Management of Maxillofacial Trauma_Zygomatic complex fractures

Posted by e-Medical PPT Thursday, September 1, 2011
Zygomatic complex and arch fracture
The malar bone represent a strong bone on fragile supports, and it is for this reason that, though the body of the bone is rarely broken, the four processes- frontal, orbital, maxillary and zygomatic are frequent sites of fracture.

Signs and symptoms
Periorbital ecchymosis and edema
Flattening of the malar prominence
Flattening over the zygomatic arch
Pain and tenderness on palpation
Ecchymosis of the maxillary buccal sulcus
Deformity at the zygomatic buttress of the maxilla
Deformity at the orbital margin
Trismus
Abnormal nerve sensibility
Epistaxis
Subconjunctival ecchymosis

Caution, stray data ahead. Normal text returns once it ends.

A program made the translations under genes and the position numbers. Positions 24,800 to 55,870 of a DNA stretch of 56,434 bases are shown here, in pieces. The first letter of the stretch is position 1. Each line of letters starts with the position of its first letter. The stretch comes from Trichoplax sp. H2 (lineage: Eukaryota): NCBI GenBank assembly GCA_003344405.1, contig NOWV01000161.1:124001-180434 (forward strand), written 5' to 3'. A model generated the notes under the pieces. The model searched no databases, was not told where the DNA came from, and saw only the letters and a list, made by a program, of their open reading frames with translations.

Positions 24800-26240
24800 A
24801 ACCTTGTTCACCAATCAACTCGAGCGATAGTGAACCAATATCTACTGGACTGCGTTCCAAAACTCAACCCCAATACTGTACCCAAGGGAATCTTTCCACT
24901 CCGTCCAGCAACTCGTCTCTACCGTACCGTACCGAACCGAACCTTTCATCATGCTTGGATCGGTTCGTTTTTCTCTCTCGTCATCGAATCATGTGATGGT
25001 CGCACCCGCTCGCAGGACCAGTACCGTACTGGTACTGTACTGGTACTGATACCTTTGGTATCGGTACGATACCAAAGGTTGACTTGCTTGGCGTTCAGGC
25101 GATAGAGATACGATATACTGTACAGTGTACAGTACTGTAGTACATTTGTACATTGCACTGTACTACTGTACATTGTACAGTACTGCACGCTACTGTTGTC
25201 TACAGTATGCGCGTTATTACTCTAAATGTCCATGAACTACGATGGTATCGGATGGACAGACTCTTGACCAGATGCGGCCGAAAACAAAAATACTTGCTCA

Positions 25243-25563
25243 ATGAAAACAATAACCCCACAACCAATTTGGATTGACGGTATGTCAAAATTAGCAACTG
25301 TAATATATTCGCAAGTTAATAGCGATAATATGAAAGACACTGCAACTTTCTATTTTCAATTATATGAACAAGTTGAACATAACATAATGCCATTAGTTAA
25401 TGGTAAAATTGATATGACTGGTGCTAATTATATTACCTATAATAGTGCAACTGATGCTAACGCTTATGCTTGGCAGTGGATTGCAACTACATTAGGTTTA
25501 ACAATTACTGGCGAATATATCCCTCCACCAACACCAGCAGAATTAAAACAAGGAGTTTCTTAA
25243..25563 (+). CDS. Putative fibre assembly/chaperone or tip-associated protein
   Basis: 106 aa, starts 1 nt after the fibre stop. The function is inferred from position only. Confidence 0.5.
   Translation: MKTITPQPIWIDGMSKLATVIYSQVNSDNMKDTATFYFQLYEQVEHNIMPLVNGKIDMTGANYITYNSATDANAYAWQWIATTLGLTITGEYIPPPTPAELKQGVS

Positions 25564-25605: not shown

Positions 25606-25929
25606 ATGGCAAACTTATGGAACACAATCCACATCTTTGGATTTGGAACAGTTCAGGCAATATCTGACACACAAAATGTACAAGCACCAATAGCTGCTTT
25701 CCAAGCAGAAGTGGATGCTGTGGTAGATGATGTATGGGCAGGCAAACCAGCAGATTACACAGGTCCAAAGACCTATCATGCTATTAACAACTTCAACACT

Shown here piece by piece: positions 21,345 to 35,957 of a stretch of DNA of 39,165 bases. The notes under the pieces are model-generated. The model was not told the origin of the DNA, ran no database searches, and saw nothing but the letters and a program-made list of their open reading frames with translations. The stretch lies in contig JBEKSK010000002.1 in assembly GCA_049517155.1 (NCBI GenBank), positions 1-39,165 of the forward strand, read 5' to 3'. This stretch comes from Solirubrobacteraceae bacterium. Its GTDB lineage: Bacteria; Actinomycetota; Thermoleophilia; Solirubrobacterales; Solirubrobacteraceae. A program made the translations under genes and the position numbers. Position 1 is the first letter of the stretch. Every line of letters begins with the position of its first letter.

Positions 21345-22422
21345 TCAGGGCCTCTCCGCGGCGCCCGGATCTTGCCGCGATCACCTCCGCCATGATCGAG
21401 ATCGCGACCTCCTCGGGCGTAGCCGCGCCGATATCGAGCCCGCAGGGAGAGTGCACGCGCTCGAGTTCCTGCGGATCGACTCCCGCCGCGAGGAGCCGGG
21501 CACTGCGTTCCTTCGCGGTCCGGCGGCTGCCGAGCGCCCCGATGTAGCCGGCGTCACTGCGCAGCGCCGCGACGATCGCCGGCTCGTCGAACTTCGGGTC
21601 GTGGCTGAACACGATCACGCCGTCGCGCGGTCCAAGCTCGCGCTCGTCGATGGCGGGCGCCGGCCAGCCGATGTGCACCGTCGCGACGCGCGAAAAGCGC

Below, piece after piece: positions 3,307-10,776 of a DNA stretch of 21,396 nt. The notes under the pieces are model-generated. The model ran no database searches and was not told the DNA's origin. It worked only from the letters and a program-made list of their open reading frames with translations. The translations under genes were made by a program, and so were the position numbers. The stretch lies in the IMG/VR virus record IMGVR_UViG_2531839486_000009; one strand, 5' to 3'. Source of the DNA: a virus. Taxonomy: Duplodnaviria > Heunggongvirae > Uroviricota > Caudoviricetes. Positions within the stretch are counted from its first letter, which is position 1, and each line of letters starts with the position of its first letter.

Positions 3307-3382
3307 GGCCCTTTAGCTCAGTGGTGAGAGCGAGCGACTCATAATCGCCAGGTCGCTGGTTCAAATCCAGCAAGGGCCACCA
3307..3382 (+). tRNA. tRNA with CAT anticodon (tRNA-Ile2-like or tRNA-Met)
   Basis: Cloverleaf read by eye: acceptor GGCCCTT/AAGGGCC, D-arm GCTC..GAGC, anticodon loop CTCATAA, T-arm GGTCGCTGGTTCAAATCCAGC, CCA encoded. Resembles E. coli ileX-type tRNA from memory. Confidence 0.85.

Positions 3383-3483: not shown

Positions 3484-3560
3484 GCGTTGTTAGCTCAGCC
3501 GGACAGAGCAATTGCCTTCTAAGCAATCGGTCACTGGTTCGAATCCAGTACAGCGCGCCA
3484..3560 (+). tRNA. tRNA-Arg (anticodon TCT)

Crepitation from air emphysema
Displacement of palpebral fissure (pseudoptosis)
Unequal pupillary levels
Diplopia
enophthalmos

Radiographical evaluation
Occipitomental view
(Posterioanterior oblique)
(water’s view)
submentovertex - Recommended for isolated zygomatic arch fracture

Nasal-orbital ethmoid injuries
Clinical examination:
Obliterating swelling
Canthus detachment
Lacrimal apparatus damage
Deformity of nasal bridge
CSF leak

Radiographical examination:
Occipitomental views
Lateral skull views
CT and 3D CT

Fracture classification
Type I
Unilateral or bilateral, involves only one portion of the medial orbital rim with the attached canthal tendon
Type II
Unilateral or bilateral, may be large segments of comminuted type and the canthus remains  attached to the large central segment
Type III
Unilateral or bilateral, comminution involves the central segment of the attached tendon results in avulsion of medial canthus.

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